Last Monday, we talked a little bit about California’s water challenges and how the annual snowpack normally provides about a third of the water for California’s homes and farms as it melts into streams and reservoirs. Because the snowpack is such bad shape, water managers are worried about the ability of California’s network of water storage and delivery systems to meet all of the needs of the state.
Snow depth is monitored throughout the winter by automated remote sensors. Then, these measurements are confirmed by hand mid April – the time of year that traditionally is when our snow is at its peak. April’s test is considered the most accurate snapshot of how much water is hidden within snowflakes for future use. Snowfall measurements taken this time of year are used for the state’s water resource allocation decisions throughout the dry season, which runs until the following winter in California. And an accurate snow survey leads to better water planning management, guides the release of water from the reservoirs, helps farmers decide what to plant, and tells city residents how aggressively to conserve.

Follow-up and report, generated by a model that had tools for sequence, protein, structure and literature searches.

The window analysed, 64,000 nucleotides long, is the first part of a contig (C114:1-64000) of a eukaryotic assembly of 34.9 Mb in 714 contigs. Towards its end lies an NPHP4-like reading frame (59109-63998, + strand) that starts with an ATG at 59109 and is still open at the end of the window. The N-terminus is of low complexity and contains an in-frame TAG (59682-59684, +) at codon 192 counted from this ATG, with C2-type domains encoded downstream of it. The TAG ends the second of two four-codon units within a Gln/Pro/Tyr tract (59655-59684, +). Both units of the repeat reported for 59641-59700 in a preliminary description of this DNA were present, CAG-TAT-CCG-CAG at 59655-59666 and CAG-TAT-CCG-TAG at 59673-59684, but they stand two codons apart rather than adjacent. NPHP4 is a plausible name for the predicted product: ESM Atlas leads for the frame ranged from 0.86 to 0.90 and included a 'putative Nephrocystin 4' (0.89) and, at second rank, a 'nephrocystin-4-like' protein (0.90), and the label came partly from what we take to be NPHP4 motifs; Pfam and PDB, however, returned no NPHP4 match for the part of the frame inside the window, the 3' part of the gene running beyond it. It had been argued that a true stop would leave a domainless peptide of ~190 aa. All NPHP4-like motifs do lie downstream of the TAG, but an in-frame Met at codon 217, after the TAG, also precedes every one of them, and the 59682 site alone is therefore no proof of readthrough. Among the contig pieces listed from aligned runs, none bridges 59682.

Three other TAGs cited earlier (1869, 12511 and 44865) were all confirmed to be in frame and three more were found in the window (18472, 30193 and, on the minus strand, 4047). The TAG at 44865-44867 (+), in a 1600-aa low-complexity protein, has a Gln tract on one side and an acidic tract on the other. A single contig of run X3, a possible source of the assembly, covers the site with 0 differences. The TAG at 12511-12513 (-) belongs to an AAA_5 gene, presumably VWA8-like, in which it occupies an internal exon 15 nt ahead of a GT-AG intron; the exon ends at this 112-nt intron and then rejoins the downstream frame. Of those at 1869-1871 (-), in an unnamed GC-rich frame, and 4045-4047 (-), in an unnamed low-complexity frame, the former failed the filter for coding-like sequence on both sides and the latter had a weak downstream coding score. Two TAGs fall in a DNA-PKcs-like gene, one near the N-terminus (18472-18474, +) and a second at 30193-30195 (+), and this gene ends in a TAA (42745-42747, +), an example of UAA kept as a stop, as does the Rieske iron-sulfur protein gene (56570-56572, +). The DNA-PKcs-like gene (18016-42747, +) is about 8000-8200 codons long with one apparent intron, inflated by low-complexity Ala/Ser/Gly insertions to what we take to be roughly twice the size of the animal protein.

For cities and farms across California, the latest numbers show a snowpack that is less than 10 percent of season’s average. There were many locations above 7,000 feet elevation that had no snow at all last winter forcing the state to start the dry season with about 25 percent of the typical April snow accumulation. California is not alone in its plight, however. Snowpack in southern Oregon’s Cascades Range are below average level, threatening water supply.